The Philippines government has voted to extend martial law in the southern island of Mindanao, following a year in which Islamic militants shocked the nation in taking -- and holding, for several months -- pockets of a Muslim-majority city there.
State media PNA reported that a joint session of Congress approved, 240-27, President Rodrigo Duterte's request to extend military rule on the island, which has a sizable Muslim population, until the end of 2018.
Congress overwhelmingly approves extension of military rule in southern island of Mindanao
Duterte argued that the continuation of martial law is necessary to eradicate an Islamic extremist threat
The current period of martial law, first enacted when ISIS-afflilated Islamist groups stormed the city of Marawi in May and since extended, was due to expire at the end of the year.
Duterte declared Marawi liberated in October, but many in the Philippines and abroad were shocked by how long the rebels had been able to hold the territory.
The initial period of martial law was extended in July. At the time, there were concerns that the extension contravened the country's constitution.
Duterte had requested the extension in writing Sunday. In the letter, he cited homegrown and foreign terror attacks, alongside the "intensified" rebellion of the communist New People's Army (NPA), as reasons for the extension, according to CNN affiliate CNN Philippines.
He added that his defense secretary, Delfin Lorenzana, also recommended the year-long extension.
Militants beaten back
Congress' extension comes despite government forces eventually reclaiming Marawi.
Duterte declared the liberation of the city after finally defeating a coalition of ISIS-sympathetic terror groups who held the city in a five-month siege. The occupation was brought to an erupt end after the death of the militants' leaders, Omar Maute and Ipsilon Hapilon in a firefight.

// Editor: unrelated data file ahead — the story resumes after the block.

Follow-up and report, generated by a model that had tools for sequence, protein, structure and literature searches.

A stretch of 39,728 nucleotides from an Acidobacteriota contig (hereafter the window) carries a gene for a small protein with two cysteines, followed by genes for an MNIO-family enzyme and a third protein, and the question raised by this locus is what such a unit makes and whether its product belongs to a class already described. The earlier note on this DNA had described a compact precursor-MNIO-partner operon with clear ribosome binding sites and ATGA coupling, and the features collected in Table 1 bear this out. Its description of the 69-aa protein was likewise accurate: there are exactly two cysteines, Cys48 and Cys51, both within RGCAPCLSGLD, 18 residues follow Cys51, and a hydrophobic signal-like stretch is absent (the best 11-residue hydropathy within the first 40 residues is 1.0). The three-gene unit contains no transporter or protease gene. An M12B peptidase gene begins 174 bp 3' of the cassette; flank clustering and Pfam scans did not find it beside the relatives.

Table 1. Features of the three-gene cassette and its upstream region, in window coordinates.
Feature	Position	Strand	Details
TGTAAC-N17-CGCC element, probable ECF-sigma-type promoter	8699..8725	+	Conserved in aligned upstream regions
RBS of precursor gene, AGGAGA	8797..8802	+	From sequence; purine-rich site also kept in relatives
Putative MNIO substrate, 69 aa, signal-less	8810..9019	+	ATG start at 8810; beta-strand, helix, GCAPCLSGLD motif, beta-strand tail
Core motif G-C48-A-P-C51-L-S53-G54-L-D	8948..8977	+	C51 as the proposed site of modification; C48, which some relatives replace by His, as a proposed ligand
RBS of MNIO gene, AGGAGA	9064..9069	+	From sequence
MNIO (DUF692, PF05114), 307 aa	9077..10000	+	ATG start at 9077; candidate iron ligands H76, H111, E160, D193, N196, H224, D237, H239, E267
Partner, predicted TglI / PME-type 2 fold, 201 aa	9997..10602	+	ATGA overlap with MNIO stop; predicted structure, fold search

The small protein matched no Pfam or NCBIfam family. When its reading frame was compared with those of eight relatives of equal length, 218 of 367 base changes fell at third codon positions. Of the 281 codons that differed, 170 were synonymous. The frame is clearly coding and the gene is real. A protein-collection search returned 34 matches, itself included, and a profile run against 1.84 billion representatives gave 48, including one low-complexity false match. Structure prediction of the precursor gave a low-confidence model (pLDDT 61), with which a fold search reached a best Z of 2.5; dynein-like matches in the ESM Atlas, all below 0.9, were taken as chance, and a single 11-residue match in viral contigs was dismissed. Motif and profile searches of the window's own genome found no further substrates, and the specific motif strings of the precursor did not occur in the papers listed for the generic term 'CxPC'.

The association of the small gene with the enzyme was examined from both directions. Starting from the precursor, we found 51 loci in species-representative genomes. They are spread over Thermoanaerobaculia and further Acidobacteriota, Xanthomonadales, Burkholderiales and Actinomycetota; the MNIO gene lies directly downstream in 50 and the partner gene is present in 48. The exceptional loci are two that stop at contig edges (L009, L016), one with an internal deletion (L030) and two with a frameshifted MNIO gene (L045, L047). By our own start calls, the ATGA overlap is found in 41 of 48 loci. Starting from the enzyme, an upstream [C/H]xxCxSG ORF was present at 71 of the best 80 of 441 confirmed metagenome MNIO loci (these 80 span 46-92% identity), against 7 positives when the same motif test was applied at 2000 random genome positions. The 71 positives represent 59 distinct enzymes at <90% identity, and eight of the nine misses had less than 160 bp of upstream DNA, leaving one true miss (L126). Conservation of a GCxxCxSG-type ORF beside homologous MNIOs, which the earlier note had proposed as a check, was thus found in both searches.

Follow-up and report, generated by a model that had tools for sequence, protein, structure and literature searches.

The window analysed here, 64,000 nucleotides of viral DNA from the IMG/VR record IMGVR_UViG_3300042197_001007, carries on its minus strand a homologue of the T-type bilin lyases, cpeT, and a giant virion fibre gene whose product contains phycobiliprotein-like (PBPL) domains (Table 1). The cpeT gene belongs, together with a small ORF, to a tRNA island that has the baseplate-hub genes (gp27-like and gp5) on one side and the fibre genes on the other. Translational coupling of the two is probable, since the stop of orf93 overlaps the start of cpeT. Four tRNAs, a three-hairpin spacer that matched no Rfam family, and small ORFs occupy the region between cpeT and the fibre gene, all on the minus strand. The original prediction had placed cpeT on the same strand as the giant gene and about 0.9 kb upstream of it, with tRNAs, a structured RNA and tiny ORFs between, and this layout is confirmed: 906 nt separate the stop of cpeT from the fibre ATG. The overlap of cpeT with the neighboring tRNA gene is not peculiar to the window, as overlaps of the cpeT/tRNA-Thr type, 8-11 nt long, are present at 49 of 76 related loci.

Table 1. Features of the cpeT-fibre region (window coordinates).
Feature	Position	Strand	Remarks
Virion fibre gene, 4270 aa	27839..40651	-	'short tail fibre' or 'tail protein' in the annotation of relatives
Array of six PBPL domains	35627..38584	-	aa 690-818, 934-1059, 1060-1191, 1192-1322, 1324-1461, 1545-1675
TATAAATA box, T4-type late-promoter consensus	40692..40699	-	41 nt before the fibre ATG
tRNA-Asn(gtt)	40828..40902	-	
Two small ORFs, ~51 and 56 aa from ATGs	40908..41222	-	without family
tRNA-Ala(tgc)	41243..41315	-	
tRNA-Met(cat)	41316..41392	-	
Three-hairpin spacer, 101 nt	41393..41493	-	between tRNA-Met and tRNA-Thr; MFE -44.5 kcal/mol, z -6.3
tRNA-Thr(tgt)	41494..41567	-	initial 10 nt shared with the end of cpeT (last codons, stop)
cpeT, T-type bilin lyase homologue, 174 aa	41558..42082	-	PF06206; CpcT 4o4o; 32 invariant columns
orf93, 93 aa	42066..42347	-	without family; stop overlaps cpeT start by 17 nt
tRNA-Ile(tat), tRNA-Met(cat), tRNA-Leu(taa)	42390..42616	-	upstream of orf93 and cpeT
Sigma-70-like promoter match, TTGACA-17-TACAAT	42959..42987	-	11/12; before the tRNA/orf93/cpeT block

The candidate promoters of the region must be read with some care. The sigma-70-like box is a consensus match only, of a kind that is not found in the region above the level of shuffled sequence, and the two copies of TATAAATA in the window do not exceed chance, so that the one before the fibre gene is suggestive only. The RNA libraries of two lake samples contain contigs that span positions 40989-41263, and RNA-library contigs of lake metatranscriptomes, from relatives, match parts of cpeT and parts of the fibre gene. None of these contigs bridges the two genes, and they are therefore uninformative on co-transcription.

In the days and weeks following the invasion, hundreds of thousands of people fled the city to escape the militants' clutches.
ISIS had had aspirations for Mindanao as a potential location for ISIS' wadiyah, or state, in Asia, appointing Hapilon, the leader of local militant group Abu Sayyaf as the region's emir in 2014.
When he first declared martial law in Mindanao in May, Duterte had warned the order could last up to a year.
"If it would take a year to do it, then we'll do it," he said at the time. "If it's over within a month, then I'd be happy."
Duterte had also suggested he could expand the order nationwide to fight ISIS.
The imposition of martial law in the Philippines has long been a point of contention in the Philippines.
The country suffered 14 years of martial law under former dictator Ferdinand Marcos, who was ousted in a peaceful revolution in 1986. The possibility of martial law being extended throughout the country has stoked fears among some Filipinos of a repeat of that period.
During the 14 years, perceived opponents of Marcos were subjected to numerous human rights violations, including imprisonment, forced disappearances and torture. Extrajudicial killings carried out by Marcos' secret police were also common.
However, many young Filipinos today have little or no knowledge of the period under Marcos, and of life under martial law.
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